I wonder rather than asking the students to recraft the questions, perhaps you may want to recraft the assignment? I am not a writing instructor so I don’t now but let me outline some of my thoughts on why I think so. As a social science teacher and an engaged citizen of the world, I find that no matter how unfamiliar a topic, students (or indeed any of us) come to it with prior assumptions. In my parlance it means all topics are political. But the assumptions or parameters of that politics are not necessarily shared. This is not an issue of “cultural” differences or cultural relativism. As someone who teaches about the “third world,” one of my many challenges is how to work with students so that they engage the unfamiliar beyond what they already know. How can we recognize and communicate our assumptions and the passions that the seemingly unfamiliar topics generate? It seems to me that is a common pitfall (or hubris if I want to use a strong word), to want to intervene without understanding. Again I am not talking about “cultural determinism” but politics. I find the challenge is not just in student (or indeed our) writing but also in the “knowing,” the “learning” and the “research.” This then is linked to the issue of the authority of sources, of what represents what, and to whom. These are some of the assumptions I brought to my reading and response to student@clark’s questions. But without my articulating them, my responses would be uncontextualized “expertise” on a topic about which I don’t know anything specific but which evokes my passion, albeit for different reasons that it may in others. Such passions can have dangerous effects.

There’s lots more I can say. But I think this is long enough! Good luck and happy holidays


Jul 25, 2010

On race and diversity in my workplace

It seems that at the end of every academic year, the tensions that are always, already present in the Department erupt to the surface. Students and faculty write, talk and attempt to communicate. And then the summer comes and de facto aids in the Department's "image and tension management." By the beginning of the new academic year, only whispers and rumors remain of what occurred only a few months ago.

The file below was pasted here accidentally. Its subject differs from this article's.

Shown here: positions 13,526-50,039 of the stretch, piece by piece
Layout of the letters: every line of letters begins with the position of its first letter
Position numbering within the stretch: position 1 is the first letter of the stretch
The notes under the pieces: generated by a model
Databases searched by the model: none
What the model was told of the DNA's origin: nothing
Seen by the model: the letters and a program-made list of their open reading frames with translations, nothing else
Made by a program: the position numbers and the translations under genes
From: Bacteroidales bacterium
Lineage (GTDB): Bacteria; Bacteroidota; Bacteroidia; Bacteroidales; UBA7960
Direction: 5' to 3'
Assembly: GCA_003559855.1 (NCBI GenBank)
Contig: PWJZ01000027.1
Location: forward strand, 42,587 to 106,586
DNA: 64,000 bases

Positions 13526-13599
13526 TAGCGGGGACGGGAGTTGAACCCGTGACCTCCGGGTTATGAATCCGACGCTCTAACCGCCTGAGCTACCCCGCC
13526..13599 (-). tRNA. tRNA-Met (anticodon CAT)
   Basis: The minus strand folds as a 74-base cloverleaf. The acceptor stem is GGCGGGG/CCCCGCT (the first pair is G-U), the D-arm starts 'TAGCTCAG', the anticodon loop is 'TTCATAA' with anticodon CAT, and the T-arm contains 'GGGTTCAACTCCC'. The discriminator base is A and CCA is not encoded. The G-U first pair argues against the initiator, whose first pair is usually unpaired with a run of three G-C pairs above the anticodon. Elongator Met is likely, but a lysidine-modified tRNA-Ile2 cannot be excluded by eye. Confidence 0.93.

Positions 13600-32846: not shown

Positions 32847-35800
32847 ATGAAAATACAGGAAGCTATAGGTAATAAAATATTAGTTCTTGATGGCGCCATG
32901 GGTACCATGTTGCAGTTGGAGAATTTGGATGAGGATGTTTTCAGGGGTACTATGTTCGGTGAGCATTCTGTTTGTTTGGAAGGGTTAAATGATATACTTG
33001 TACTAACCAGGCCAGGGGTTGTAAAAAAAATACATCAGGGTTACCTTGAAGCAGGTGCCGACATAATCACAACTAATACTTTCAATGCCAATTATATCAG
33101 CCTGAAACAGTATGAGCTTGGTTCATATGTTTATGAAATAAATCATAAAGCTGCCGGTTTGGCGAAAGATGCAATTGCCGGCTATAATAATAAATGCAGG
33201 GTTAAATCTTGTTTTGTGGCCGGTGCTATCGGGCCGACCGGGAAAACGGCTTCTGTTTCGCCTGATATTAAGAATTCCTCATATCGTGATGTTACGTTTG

What happened in April-May of 2009 was similar, and yet different. One of the two women faculty of color in the Department left her job. She was a smart and loving person who, during the six years she was visiting faculty in the IDCE Department, had worked hard to try to make it "put its money where its mouth is" regarding "diversity" and social change. It was an uphill climb and she was much-loved, especially by the students of color for her consistent climbs and for her solidarity and support of so many struggles. In 2009, she resigned in protest at what she saw (and I concur) as the Department's lack of commitment to its mission and its claims of social change. The resignation was seen as a bomb blast and there was a flurry of activity including several email exchanges among faculty and students (staff tend not to be put on the communication lists). Many alums wrote in to ask about what was going on, and many of us wrote yet again about the racism in the Department. Others wrote to denounce us. I cannot post all of those exchanges (though I circulated them among faculty, staff, students and alums in an attempt to keep a semblance of discussion alive). Needless to say the euphemism of "diversity" replaced any discussion of race and racism and by Fall 2010, the issue was considered dead as the Cold War after the fall of the Berlin Wall. Below I post what I wrote while on sabbatical in India. Perhaps a conversation may yet emerge....